If investors have learned anything from their experience with Valeant Pharmceuticals (NYSE:BHC) over the past six months, it is that it's important to consider what can go wrong at a company before investing in its shares. Now that Pfizer (NYSE:PFE) and Allergan plc (NYSE:AGN) have called off their proposed $160 billion merger and Allergan's shares have tumbled, let's play devil's advocate and highlight what other risks face the company that investors should be handicapping.
Risk No. 1: The FTC blocks its generics deal
Last summer, Allergan agreed to sell its generic drug business to Teva Pharmaceuticals (NYSE:TEVA) for $40.5 billion. However, that sale needs the blessing of U.S. regulators at the FTC before it can close.
Teva Pharmaceuticals has already gotten the OK from EU regulators, and Allergan's CEO is quick to point out that everything remains on track for this deal to close by the end of June, but if something unexpected causes the FTC to scuttle it, then it could put Allergan in a bit of a tight spot.
That's because the money Allergan is getting from Teva Pharmaceuticals will go a long way toward reducing the mountain of debt that piled up when Allergan was still known as Actavis. In the past two years, Actavis spent $28 billion buying Forest Labs and another $70.5 billion acquiring Allergan.
Those deals saddled Allergan with $2.4 billion in short-term debt and $41 billion in long-term debt, and given that Allergan's cash totals just $1.2 billion exiting December, the windfall from Teva Pharmaceuticals becomes pretty important.
Assuming Allergan's CEO is right and the sale closes soon, then Allergan will pocket $33.75 billion in cash and another $6.75 billion in Teva Pharmaceuticals stock. After taxes, Allergan estimates it will walk away with $36 billion in cash and equity.
That cash cushion will go a long way toward removing any lingering concerns about its debt. The company plans to pay down $8 billion of its borrowings right away and then save the remainder for future debt payments, acquisitions, or buybacks.
Overall, I think it's more likely that the FTC requires Teva Pharmaceuticals to sell off some assets, rather than abandon its acquisition; however, given recently soaring generic drug prices may have made regulators antsy about industry consolidation, we can't dismiss this risk altogether.
Risk No. 2: Ratings agencies force the company to ratchet down
Allergan is pledging to do whatever is necessary to maintain its investment grade rating, and if those agencies decide that Allergan needs to be far more aggressive in paying off its debt than it plans to be, then it could crimp the company's ability to fuel growth through acquisitions.
Allergan's management has said it wants to drive double-digit annual revenue growth and that growth will come both from new drugs developed internally and from drugs acquired from competitors. Buying growth from the outside doesn't come cheap and its pledge to maintain its top-tier credit rating therefore could result in a ratcheting down in deals and spending that could slow its expansion plans.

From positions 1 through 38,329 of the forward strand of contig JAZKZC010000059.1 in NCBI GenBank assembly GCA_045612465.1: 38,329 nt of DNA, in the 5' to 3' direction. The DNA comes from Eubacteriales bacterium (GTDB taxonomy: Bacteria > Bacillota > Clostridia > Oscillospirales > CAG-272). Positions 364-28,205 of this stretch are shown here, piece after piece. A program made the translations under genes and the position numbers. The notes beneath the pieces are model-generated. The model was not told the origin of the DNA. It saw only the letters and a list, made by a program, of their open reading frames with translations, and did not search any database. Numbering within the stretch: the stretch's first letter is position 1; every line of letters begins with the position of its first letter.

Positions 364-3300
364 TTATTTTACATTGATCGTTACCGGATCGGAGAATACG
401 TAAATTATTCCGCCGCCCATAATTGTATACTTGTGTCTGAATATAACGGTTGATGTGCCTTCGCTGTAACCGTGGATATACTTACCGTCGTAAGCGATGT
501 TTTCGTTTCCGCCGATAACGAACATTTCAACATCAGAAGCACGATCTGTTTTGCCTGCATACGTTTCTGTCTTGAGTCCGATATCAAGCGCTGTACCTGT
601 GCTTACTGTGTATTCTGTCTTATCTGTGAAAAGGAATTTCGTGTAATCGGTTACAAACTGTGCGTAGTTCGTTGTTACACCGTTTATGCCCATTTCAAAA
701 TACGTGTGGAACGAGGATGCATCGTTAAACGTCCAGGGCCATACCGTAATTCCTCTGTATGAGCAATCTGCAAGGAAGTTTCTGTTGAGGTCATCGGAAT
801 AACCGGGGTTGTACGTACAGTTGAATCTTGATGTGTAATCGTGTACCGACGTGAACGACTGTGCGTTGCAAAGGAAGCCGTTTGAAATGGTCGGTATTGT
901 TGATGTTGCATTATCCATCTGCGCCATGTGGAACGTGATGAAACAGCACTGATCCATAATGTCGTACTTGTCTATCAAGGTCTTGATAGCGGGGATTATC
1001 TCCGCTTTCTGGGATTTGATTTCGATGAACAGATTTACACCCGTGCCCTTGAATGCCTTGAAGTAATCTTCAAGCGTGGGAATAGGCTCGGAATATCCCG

So far, agencies have been pretty mum on their opinion of Allergan following its breakup with Pfizer, but investors will want to watch and see if they make any statements about their outlook for the company over the coming days.
Risk No. 3: Pricing headwinds pick up
Pricing power has been propping up Allergan's revenue growth. However, the Turing Pharmaceuticals debacle has led to intense scrutiny of pricing decisions that could mean that price increases play a much smaller role in driving growth higher in the future than they have in the past.
In January, The Wall Street Journal reported the findings of a pricing analysis done by Deutsche Bank analysts indicates that Allergan increased prices on 40 of its drugs by an average 9.1% this year.
Since Allergan is forecasting sales to grow from $15 billion last year to $17 billion this year, or by 13%, it would seem that price increases could be a significant source of its growth. If the payer's price war leads to steeper-than-anticipated discounts, rebates, or slowing price increases in the future, then it could create a headwind that hampers Allergan's ability to deliver on its annual revenue growth targets.
Investors who have stuck with Allergan since 2012 have been rewarded with a 175% return that triples the return of the S&P 500, and given that performance, it is undeniably tempting to think that Allergan's recent share price drop makes this an unquestionable buy opportunity. That could be the case, but investors ought to weigh the potential for future returns in light of these risks before jumping in.